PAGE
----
Spanish mackerel, bluefish, speckled trout, red drum, white perch, and spot are all offering fun fishing. The main stem of the Potomac River is now open to striped bass fishing but the Maryland tributaries are off-limits through Aug. 31.
Spanish mackerel are being caught along the edges of the shipping channel from the Virginia line north to the middle bay, the shipping channel edge from Buoy 72 south to Buoy 68, and the Point Lookout to Cove Point area. Trolling #1 and #2 Drone and Clark spoons in gold behind #1 or #2 planers or heavy inline weights at about 7 knots works well. Trolling blind or near breaking fish or slicks are resulting in limit catches for some anglers, with a daily creel limit of 15 fish per day. Some thought should be given to how many Spanish mackerel go into the fish box since they don’t freeze well and need to be eaten fresh.
Anglers are encountering breaking fish along the edges of the shipping channel and they are mostly a mix of Spanish mackerel and bluefish feeding on bay anchovies. Small striped bass can also be mixed in at times. Casting into the breaking fish with metal jigs and allowing them to sink to an appropriate depth and then speed reeling is another fun way to catch the Spanish mackerel. Slower retrievals will produce bluefish. Anglers are also finding large red drum deep underneath the surface action, and jigging with large soft plastics or spoons is a fun way to get in on some heavy duty catch-and-release action.
Bottom fishing for a mix of spot, white perch, and a speckled trout now and then has been excellent in the lower Patuxent River. The Cornfield Harbor area, Tangier Sound, and lower Hoopers Island are all great places to get in on the action. Pieces of bloodworm are the most popular bait but peeler crab can work well also. Flounder are being found on the shoal edges near channels in the Tangier and Pocomoke sounds this week. Gulp baits and live minnows are popular baits.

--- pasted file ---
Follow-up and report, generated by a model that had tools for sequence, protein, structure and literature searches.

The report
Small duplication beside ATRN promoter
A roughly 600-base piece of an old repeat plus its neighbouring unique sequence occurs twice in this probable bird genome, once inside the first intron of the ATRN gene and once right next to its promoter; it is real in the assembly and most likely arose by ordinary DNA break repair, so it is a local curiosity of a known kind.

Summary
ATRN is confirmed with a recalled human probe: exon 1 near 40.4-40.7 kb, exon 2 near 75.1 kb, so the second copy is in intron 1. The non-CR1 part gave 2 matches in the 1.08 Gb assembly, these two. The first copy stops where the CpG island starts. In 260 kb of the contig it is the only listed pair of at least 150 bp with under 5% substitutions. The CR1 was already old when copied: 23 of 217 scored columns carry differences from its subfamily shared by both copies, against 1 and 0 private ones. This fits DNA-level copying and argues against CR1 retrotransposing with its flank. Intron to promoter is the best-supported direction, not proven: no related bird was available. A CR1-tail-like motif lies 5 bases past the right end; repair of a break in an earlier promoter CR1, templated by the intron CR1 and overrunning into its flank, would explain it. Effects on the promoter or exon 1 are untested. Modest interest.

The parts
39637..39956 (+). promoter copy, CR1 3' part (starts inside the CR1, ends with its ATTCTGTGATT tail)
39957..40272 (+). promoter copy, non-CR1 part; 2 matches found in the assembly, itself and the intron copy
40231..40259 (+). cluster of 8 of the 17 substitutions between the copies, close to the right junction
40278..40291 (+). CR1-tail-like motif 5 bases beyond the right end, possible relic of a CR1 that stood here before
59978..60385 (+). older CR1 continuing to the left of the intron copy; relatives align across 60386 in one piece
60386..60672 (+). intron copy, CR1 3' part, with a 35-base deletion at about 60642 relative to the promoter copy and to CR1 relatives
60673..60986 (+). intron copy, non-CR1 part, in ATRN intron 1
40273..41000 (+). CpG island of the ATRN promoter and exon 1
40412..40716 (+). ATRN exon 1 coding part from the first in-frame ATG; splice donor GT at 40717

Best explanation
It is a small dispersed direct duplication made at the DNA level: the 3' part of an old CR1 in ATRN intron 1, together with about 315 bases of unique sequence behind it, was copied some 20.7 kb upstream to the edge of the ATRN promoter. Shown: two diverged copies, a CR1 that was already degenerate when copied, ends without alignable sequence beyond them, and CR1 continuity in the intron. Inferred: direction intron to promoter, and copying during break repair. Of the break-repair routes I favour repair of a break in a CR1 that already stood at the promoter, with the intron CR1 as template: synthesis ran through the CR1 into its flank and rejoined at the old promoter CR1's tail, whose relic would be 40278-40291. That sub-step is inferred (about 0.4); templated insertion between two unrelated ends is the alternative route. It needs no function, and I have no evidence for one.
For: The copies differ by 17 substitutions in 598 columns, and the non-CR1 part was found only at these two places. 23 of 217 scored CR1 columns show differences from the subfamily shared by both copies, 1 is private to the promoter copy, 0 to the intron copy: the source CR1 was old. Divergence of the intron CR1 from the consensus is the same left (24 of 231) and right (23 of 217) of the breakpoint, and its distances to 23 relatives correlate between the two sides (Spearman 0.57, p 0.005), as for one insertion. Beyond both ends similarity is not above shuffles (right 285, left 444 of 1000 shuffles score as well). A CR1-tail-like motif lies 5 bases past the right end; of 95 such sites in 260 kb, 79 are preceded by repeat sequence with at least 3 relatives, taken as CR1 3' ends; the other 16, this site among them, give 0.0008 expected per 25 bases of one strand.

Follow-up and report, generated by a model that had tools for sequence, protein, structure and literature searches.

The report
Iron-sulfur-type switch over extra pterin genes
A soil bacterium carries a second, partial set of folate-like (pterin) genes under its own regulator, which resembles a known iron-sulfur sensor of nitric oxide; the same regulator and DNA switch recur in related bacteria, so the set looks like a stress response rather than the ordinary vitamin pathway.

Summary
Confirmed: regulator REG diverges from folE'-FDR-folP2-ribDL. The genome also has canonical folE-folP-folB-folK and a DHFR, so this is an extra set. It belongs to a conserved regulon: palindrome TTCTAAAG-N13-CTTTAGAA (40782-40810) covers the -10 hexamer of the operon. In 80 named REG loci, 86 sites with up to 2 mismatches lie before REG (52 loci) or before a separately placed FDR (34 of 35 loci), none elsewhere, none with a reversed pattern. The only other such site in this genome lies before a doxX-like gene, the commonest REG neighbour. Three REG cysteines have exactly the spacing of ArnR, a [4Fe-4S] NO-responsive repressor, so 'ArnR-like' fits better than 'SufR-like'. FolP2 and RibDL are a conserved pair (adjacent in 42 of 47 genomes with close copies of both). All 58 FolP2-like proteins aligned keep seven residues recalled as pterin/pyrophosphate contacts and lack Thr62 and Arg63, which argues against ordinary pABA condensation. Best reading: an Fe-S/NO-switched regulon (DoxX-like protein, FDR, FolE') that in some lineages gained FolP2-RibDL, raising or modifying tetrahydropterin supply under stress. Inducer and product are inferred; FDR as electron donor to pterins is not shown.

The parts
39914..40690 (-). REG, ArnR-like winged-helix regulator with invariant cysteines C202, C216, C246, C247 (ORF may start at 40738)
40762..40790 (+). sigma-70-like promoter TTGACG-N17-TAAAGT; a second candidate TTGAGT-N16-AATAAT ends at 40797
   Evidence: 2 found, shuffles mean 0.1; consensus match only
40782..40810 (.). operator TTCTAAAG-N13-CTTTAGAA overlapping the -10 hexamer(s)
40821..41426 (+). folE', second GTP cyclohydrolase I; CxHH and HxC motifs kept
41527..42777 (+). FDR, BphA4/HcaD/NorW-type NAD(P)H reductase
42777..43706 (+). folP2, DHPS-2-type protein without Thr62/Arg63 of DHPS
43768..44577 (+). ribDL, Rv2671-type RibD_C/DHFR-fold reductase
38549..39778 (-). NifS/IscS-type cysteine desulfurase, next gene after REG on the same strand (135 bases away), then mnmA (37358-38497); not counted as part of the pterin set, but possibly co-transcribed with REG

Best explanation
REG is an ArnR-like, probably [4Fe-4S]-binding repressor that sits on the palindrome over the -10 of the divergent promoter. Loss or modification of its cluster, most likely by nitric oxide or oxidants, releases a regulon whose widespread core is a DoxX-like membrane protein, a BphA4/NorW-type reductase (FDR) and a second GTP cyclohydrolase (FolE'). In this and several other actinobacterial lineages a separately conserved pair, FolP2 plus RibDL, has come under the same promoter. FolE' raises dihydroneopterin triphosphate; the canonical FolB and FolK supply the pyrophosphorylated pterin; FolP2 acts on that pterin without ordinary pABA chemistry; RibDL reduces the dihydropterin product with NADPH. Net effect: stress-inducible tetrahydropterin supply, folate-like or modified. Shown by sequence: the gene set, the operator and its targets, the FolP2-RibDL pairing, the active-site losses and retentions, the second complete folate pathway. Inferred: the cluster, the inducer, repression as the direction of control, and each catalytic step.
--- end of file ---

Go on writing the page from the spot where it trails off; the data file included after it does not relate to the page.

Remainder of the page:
Speckled trout are spread throughout the region with much of the best action found on the eastern side of the bay. Casting soft plastics in pearl and sparkle flash near prominent points, marsh edges, and creek mouths is producing good catches. Drifting peeler crab baits near structure and creek mouths is also a great way to fish for speckled trout. Small red drum will be part of the mix, with most measuring under the minimum 18-inch length.
Cobia fishing within the region is slowing down and only a few are being caught in Maryland waters. The best catches of cobia are coming from Virginia waters closer to the mouth of the bay. Sight casting with live eels has been the most successful way to fish for them, but chumming is another alternative.
Blue catfish in the tidal Potomac River or the Nanticoke River offer good fishing for those wishing to anchor up or fish from shore. The blue catfish are plentiful and offer good eating. Most any kind of fresh cut bait works well and many have good luck using clam snouts for bait.
Recreational crabbers are enjoying some of the best crabs of the season and it will get better as September approaches. The crabs have ventured up the tidal rivers and into the upper bay in greater numbers. Most crabbers in the upper bay region are able to catch a half- bushel or more per outing. In the middle and lower bay, catches of a bushel per outing are common.
Razor clams remain the bait of choice whether trotlining or crabbing with collapsible traps. Some of the best crab catches are coming from deep water in the tidal rivers. The shallower areas have a lot of small crabs which will chew up baits and sooks are beginning to be on the move. There will be a major shed coming up in a few weeks, and catches of large crabs will be something to look forward to in September, once they fatten up.